Consolidating data centers and using a shared DCI infrastructure also involves technical challenges. For example, the cloud, the services it offers, the data centers that host these services and the DCI infrastructure that supports them must be available at all times – without fail and particularly at times of crisis.

Fortunately, the cloud is inherently resilient. For example, server virtualization across data centers and mirrored services between different cloud types – such as between private and virtual private clouds – create a high level of service resiliency.

However, ensuring that critical cloud services remain available at all times requires additional measures. When combined, these can contribute significantly to cloud service resiliency and availability:

  • Well thought out data center backup and recovery procedures to provide a robust business continuity and disaster recovery solution
  • Redundant network connectivity, data switching and path protection to support high service availability in event of network or equipment failures
  • Carrier-grade network technology and equipment to ensure high network availability and reliability as well as network control, security and integrity
  • Agile and flexible network and service provisioning, management and troubleshooting across multiple layers
  • Security, encryption and intrusion detection to ensure data privacy and integrity and protect against loss of service due to cyber attack, hackers or vandalism.

Data security and citizen privacy is paramount for government and public sector agencies. This means ensuring that:

  • The data is encrypted using strong symmetric encryption and key exchange algorithms that are government certified and approved
  • The system that generates and manages the encryption keys must be separate from the network management system so that operations can be performed by separate groups
  • Mechanisms should be deployed in the network to detect tampering and physical intrusion, with automatic network alerts triggered when a breach is detected.

Cloud DCI – secure shared infrastructure for government cloud

Cloud data center interconnect (cloud DCI) enables secure shared infrastructure for data center consolidation and government cloud. It provides scalable, sustainable and reliable connectivity between data centers and controlled access to them for citizens, government departments and public-sector agencies alike. Cloud DCI:

  • Enables the evolution to a distributed cloud-based architecture with minimal network impact
  • Provides a resilient and cost-effective infrastructure for shared cloud services and robust business continuity and disaster recovery
  • Supports flexible cloud deployment models – for example deliver services in the private cloud as well as access to approved public cloud services
  • Supports quantum proof data encryption and key generation algorithms that are government certified and approved, with separate, centralized security management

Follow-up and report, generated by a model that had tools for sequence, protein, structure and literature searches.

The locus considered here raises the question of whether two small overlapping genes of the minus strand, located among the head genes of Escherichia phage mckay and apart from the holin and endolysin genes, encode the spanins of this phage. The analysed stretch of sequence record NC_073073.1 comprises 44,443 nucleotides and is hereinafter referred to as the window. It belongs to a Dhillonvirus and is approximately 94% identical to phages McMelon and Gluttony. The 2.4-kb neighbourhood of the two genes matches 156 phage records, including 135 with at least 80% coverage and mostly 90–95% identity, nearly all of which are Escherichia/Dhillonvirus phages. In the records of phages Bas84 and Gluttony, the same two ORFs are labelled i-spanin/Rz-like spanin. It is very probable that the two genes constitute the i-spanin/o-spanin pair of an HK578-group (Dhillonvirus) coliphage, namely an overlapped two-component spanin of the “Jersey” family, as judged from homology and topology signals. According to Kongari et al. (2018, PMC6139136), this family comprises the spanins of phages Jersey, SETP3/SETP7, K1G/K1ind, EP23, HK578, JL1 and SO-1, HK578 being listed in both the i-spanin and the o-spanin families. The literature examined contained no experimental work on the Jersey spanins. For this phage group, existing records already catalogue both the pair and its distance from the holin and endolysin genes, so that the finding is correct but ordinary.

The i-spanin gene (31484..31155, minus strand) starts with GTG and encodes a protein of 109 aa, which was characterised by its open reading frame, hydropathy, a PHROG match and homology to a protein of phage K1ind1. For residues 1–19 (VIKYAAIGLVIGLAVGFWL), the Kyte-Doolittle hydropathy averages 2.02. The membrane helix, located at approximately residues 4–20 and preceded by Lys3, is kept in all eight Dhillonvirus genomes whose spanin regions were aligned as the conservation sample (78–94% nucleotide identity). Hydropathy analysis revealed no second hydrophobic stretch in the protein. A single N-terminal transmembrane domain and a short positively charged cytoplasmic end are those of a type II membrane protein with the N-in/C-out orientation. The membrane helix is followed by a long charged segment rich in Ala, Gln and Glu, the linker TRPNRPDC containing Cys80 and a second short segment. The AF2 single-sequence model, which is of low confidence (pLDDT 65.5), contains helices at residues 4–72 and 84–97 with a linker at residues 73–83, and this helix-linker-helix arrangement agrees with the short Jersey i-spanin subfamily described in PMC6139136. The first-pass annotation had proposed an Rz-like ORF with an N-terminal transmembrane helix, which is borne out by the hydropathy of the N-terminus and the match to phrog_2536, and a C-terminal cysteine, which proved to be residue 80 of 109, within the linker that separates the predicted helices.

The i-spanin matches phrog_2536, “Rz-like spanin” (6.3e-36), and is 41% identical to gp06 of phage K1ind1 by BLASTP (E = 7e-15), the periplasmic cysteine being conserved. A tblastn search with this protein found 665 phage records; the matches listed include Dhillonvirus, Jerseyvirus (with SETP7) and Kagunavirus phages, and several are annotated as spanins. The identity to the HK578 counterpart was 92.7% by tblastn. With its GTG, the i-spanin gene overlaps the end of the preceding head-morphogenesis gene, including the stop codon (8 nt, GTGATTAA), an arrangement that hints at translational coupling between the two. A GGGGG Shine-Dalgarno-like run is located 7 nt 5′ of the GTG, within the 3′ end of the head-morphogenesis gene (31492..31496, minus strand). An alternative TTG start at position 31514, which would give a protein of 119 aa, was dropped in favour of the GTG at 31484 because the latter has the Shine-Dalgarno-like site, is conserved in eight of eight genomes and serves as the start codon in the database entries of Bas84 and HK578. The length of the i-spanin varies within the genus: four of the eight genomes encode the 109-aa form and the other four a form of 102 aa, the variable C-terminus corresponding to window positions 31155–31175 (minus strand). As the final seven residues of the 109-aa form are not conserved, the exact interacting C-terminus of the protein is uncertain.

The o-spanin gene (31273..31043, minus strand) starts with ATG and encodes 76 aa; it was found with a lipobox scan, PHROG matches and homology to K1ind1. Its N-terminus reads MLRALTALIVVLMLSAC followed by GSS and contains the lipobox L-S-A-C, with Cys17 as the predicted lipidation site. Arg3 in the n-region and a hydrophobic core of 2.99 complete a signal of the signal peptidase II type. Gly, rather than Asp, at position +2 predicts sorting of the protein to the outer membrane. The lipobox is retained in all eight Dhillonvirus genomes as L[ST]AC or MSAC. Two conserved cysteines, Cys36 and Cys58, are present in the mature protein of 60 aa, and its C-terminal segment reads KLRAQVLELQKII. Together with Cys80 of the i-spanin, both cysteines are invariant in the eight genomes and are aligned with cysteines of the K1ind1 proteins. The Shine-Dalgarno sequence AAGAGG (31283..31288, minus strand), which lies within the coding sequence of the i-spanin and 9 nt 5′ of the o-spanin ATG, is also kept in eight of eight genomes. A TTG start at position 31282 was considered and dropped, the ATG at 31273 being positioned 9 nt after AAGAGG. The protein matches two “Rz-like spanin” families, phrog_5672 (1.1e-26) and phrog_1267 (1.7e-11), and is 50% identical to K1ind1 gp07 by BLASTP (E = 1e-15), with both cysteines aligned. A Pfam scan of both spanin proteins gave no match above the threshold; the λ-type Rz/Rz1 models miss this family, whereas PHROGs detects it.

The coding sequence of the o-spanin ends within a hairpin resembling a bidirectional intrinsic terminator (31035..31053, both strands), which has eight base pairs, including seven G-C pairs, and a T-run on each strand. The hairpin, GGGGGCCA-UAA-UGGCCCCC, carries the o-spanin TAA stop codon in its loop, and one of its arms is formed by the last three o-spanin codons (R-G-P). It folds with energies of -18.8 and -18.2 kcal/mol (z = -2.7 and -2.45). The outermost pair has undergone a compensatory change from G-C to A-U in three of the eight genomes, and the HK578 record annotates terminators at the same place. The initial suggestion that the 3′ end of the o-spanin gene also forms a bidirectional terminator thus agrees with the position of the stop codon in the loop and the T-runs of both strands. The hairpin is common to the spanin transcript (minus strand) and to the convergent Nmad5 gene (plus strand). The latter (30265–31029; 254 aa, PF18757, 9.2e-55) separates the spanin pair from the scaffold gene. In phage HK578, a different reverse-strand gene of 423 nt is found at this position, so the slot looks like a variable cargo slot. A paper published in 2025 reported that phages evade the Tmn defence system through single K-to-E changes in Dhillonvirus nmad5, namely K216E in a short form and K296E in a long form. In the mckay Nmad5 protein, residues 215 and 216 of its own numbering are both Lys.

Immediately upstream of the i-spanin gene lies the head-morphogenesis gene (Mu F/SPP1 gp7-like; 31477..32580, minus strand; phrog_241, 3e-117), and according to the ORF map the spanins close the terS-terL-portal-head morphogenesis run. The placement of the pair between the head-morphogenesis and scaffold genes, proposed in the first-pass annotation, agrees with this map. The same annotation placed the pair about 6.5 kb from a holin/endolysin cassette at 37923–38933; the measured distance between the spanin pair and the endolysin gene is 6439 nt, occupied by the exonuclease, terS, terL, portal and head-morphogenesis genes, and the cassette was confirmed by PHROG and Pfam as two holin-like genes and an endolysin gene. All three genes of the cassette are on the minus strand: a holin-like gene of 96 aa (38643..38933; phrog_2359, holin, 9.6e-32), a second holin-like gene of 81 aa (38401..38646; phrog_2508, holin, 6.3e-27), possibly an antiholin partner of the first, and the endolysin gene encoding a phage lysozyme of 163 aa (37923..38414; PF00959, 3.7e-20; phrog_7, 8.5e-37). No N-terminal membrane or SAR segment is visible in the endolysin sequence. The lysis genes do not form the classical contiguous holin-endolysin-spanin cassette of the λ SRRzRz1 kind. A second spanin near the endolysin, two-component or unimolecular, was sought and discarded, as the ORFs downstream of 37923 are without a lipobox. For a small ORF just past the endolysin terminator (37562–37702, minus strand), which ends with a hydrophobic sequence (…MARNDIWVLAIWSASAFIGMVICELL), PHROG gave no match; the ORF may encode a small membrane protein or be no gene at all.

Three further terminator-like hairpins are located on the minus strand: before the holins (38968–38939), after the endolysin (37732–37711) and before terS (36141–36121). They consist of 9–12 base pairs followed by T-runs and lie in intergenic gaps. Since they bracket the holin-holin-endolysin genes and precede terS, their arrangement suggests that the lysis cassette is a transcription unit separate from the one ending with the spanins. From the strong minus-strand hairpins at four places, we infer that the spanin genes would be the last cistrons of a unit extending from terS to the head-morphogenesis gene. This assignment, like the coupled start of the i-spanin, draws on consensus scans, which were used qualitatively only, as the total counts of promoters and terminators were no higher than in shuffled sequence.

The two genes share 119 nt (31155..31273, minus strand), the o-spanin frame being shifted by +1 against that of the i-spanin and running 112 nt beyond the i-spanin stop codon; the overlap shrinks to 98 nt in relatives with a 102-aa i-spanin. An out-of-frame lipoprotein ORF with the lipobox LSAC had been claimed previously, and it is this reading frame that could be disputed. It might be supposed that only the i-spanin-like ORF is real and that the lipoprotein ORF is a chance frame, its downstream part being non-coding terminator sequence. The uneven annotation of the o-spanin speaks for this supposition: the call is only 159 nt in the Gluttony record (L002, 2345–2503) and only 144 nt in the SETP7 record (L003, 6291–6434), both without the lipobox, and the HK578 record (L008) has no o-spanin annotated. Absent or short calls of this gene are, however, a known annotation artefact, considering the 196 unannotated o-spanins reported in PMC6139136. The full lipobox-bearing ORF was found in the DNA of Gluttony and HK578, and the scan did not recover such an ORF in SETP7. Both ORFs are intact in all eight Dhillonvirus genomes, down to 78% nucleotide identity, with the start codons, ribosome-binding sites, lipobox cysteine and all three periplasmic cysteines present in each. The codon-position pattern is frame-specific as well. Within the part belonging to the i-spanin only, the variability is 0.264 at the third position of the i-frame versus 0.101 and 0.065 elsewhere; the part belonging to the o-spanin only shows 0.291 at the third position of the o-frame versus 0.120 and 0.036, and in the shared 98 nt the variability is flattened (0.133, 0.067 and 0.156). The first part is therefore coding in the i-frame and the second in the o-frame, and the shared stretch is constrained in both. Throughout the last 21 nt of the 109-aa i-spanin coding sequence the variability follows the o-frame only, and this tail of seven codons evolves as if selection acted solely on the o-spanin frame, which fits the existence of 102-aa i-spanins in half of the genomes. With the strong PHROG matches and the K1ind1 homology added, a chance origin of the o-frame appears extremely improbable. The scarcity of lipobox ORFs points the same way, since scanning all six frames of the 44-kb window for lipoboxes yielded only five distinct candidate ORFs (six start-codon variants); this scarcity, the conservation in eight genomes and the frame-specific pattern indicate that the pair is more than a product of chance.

• Simplifies network management and service orchestration and offers more agile and dynamic service provisioning
  • Allows the future automation of network operations while maintaining the high performance of virtualized applications
  • Enables a return-on-investment (ROI) model that quantifies the operational benefits of shared infrastructure.

Advantages of cloud DCI for shared infrastructure

Cloud DCI offers several advantages over traditional shared infrastructure solutions, including:

  • Scalable, flexible, secure bandwidth: Cloud creates a demand for very high and easily scalable bandwidth. Cloud DCI supports very high bandwidth for different cloud applications — and allows bandwidth to be increased and decreased flexibly as needed.
  • Multi-site, multi-technology, multi-cloud capabilities: Cloud DCI helps to share data, distribute applications and balance workloads more easily across different cloud types, between multiple locations and between different cloud providers.
  • Agile, dynamic provisioning: Cloud DCI supports orchestration of network resources across cloud boundaries to ramp up or turn down resources when and where required. It provisions bandwidth and orchestrates network resources dynamically, quickly and easily.

Cloud DCI delivers the capacity, flexibility and security government and the public sector need for fast turn-up of cloud services. At the same time, cloud DCI helps ensure business continuity, improve asset utilization and reduce costs.

For more information about cloud DCI and shared infrastructure for government cloud, see the Nokia Cloud DCI for government white paper, or click here to find out more about Nokia’s cloud DCI solutions.

Gary Holland

About Gary Holland

Gary is responsible for marketing Nokia's IP and Optical Networks (ION) portfolio to Enterprise, Industries, Government and Public Sector verticals, both direct and through Global Alliance partners. With more than 25 years’ experience in the telecommunications industry, Gary has held senior roles in corporate, portfolio and product marketing, partner and business development and product line management with technology companies including Alcatel-Lucent, Riverstone Networks and Digital Equipment. Gary brings a combination of marketing, partner development and technology expertise to his current role at Nokia.